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J Speech Lang Hear Res. 2013 Feb;56(1):159-77. doi: 10.1044/1092-4388(2012/11-0199). Epub 2012 Dec 28.

Age-related changes to spectral voice characteristics affect judgments of prosodic, segmental, and talker attributes for child and adult speech.

Author information

  • 1Michigan State University, East Lansing, USA. ldilley@msu.edu

Abstract

PURPOSE:

As children mature, changes in voice spectral characteristics co-vary with changes in speech, language, and behavior. In this study, spectral characteristics were manipulated to alter the perceived ages of talkers' voices while leaving critical acoustic-prosodic correlates intact, to determine whether perceived age differences were associated with differences in judgments of prosodic, segmental, and talker attributes.

METHOD:

Speech was modified by lowering formants and fundamental frequency, for 5-year-old children's utterances, or raising them, for adult caregivers' utterances. Next, participants differing in awareness of the manipulation (Experiment 1A) or amount of speech-language training (Experiment 1B) made judgments of prosodic, segmental, and talker attributes. Experiment 2 investigated the effects of spectral modification on intelligibility. Finally, in Experiment 3, trained analysts used formal prosody coding to assess prosodic characteristics of spectrally modified and unmodified speech.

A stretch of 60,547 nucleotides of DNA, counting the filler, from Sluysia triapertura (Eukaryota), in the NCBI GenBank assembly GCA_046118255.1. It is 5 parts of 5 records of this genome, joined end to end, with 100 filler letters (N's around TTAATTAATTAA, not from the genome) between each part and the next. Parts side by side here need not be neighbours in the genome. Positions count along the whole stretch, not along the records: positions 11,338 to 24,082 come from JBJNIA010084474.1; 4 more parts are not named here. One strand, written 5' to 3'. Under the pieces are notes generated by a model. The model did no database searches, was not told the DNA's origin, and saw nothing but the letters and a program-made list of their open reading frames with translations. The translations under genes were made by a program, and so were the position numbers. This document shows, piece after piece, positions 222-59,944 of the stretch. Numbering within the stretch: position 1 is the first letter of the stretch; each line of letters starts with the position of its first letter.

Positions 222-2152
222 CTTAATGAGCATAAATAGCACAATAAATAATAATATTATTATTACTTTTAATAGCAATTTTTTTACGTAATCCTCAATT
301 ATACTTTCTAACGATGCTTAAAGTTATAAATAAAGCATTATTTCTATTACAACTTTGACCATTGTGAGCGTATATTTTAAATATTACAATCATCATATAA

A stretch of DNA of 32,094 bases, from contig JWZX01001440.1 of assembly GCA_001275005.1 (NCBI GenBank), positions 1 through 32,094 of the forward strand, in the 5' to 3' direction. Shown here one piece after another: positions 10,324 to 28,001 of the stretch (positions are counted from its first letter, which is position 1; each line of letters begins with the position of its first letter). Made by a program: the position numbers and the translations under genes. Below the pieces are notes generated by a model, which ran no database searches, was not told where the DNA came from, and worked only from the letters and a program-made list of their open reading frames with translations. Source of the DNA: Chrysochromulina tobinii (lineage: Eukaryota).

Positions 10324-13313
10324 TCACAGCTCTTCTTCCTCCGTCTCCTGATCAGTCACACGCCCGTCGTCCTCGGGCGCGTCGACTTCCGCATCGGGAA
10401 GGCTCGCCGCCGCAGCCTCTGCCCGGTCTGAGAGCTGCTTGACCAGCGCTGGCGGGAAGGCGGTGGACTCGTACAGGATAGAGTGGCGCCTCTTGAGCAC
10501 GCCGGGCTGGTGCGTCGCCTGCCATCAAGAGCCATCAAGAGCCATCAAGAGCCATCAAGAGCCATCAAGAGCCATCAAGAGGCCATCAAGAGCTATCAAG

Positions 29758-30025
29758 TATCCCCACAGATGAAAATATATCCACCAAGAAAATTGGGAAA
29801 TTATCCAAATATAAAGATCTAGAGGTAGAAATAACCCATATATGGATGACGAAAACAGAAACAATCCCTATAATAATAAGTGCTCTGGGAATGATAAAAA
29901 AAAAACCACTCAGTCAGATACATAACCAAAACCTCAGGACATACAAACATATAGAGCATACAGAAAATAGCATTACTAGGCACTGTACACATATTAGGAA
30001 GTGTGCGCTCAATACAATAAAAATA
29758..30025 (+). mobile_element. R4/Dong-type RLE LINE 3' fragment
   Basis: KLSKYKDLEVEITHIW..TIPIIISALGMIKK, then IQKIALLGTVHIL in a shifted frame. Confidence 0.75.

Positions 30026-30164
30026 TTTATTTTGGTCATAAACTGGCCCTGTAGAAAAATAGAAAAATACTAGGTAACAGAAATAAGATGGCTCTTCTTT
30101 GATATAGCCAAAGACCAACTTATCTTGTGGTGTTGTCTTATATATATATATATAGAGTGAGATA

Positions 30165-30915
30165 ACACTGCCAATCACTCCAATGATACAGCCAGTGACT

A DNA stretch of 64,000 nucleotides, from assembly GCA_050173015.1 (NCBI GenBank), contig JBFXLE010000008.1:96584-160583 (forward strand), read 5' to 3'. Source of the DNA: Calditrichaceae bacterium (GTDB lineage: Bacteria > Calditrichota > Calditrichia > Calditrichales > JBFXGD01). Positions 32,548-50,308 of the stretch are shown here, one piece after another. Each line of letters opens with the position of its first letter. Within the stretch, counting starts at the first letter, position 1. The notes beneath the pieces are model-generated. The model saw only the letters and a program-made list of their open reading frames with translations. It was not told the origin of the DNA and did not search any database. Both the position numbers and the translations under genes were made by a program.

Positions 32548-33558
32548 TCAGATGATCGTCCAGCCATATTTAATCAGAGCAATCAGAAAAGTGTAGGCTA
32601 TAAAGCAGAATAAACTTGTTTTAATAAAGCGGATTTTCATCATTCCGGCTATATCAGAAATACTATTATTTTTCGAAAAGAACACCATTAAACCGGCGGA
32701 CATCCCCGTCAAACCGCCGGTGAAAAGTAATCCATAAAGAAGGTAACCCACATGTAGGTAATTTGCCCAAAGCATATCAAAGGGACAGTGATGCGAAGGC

RESULTS:

Differences in perceived age were associated with differences in ratings of speech rate, fluency, intelligibility, likeability, anxiety, cognitive impairment, and speech-language disorder/delay; effects of training and awareness of the manipulation on ratings were limited. There were no significant effects of the manipulation on intelligibility or formally coded prosody judgments.

CONCLUSION:

Age-related voice characteristics can greatly affect judgments of speech and talker characteristics, raising cautionary notes for developmental research and clinical work.

PMID:
23275414
[PubMed - indexed for MEDLINE]
PMCID:
PMC3758744
Free PMC Article
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